Another way in which putrescine levels could become elevated in a cell is from a viral infection, such as an Epstein–Barr virus (EBV) infection. EBV is suspected of having a role in autoimmune diseases (Toussirot and Roudier, 2008). When EBV becomes active in a cell, it increases the activity of the c-Myc protein (Bajaj et al., 2008). The c-Myc protein modulates as much as 15% of gene expression throughout the genome. Among the genes with activity enhanced by c-Myc are genes involved in polyamine synthesis: ODC, spermidine synthase (SRM), and spermine synthase (SMS) (Bello-Fernandez et al., 1993; Nilsson et al., 2005; Hogarty et al., 2008). EBV-induced overexpression of ODC would lead to an increase in putrescine along with a subsequent decrease in SAM and cellular methylation since the putrescine would enhance AMD1 activity. Overall free polyamine availability would also increase with the enhanced expression of SRM and SMS. Other viruses may have actions and effects similar to EBV. Bacterial infections also could increase the available putrescine levels since bacteria freely produce putrescine without the constraints on ODC that eukaryotic cells have.

A third way in which putrescine levels could become elevated is increased activity and expression of spermidine/spermine-N1-acetyltransferase (SAT1), which is involved in recycling of polyamines. SAT1 is located at Xp22.1 on the X chromosome and is normally suppressed on the inactive X but expressed from the active X. SAT1 can undergo super induction (greater than 100-fold increased expression) in the presence of reactive oxygen species (ROS) (Chopra and Wallace, 1998). This can create an abundance of acetylated polyamines, some of which would be transported out of the cell or oxidized to the next lower polyamine: acetylspermine to spermidine or acetylspermidine to putrescine. In addition, loss of X chromosome inactivation with subsequent overexpression of SAT1 from both X chromosomes has been proposed as a mechanism in autoimmune diseases (Brooks, 2012). With age, through many cell cycles and stresses, some of the X-linked genes can become overexpressed through loss of the epigenetic control established by X inactivation, which is dependent on methylation. SAT1 overexpression could lead to: excess putrescine through polyamine recycling; decreased SAM availability; and an abundance of acrolein from polyamine degradation. Acrolein-conjugated proteins are a biomarker in Sjögren’s syndrome (SjS) (Higashi et al., 2009). Increased SAT1 and polyamine recycling have recently been reported in RA (Karouzakis et al., 2012).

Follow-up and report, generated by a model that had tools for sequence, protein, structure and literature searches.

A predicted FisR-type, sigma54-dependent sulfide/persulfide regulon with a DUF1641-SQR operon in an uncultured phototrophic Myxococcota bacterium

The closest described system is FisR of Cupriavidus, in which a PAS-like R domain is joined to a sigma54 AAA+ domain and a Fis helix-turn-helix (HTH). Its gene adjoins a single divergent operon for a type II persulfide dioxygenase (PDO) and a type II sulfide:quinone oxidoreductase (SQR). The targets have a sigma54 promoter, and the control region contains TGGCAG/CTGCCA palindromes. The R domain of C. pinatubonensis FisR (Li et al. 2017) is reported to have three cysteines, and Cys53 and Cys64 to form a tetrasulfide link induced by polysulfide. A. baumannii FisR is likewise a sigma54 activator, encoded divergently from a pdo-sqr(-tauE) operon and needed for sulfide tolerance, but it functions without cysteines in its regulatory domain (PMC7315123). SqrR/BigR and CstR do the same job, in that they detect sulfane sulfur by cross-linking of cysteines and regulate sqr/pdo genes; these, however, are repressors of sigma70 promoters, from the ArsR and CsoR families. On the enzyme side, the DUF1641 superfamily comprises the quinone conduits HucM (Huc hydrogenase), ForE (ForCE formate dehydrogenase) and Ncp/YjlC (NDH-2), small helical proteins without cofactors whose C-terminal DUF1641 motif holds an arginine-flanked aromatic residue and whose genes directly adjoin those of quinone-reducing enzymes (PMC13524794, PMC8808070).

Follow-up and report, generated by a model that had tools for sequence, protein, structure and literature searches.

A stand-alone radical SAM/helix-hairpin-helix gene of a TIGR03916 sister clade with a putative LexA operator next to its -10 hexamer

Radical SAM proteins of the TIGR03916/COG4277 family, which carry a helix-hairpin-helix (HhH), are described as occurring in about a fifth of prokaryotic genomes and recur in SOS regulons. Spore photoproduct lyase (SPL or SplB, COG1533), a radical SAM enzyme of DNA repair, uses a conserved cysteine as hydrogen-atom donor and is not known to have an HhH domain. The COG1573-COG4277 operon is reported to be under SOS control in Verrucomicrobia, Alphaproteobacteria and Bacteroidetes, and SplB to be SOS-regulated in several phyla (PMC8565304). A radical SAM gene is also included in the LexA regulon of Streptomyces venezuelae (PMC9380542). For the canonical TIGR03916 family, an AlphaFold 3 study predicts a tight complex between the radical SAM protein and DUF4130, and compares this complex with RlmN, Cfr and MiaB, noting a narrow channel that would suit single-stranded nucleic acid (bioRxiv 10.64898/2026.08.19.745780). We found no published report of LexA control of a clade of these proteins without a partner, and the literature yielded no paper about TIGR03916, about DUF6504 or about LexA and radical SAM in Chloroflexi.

NETosis

Extracellular release of nuclear components appears to have a role in their development as autoantigens and NETosis provides such exposure of nuclear components relatively intact compared to apoptosis or necrosis (Su and Pisetsky, 2009). Therefore, the recently discovered process of NETosis has drawn significant interest as potentially being involved in autoimmune diseases (Brinkmann et al., 2004; Fuchs et al., 2007; Knight and Kaplan, 2012; Darrah and Andrade, 2013). NETosis is a major cellular event that can bring about the rapid release of the negative supercoiling stress stored in the nucleus. In NETosis, a neutrophil is stimulated to modify its chromatin, primarily by citrullination of histones (Wang et al., 2009). This loosens the nucleosome’s hold on DNA and thereby releases the stored negative supercoiling allowing unraveling and expansion of the chromatin. Once the chromatin has been modified, the cell extrudes the chromatin into the local extracellular environment. In the case of neutrophils, this modified chromatin is referred to as a “neutrophil extracellular trap” or NET which binds pathogenic material to make it easier for macrophages to clear debris at an infection site. This process in neutrophils is referred to as NETosis but other cells, such as mast cells, can also undergo the general process referred to as ETosis. However, NETosis is most intriguing in relation to autoimmune diseases since neutrophils (a.k.a. granulocytes) are the most abundant of immune cells and are the first to arrive at an infection site to counter pathogens (Summers et al., 2010). Neutrophils originate from the bone marrow and can move into most tissues but they have a very short half-life of only a few hours before they terminate by apoptosis, necrosis, or other means.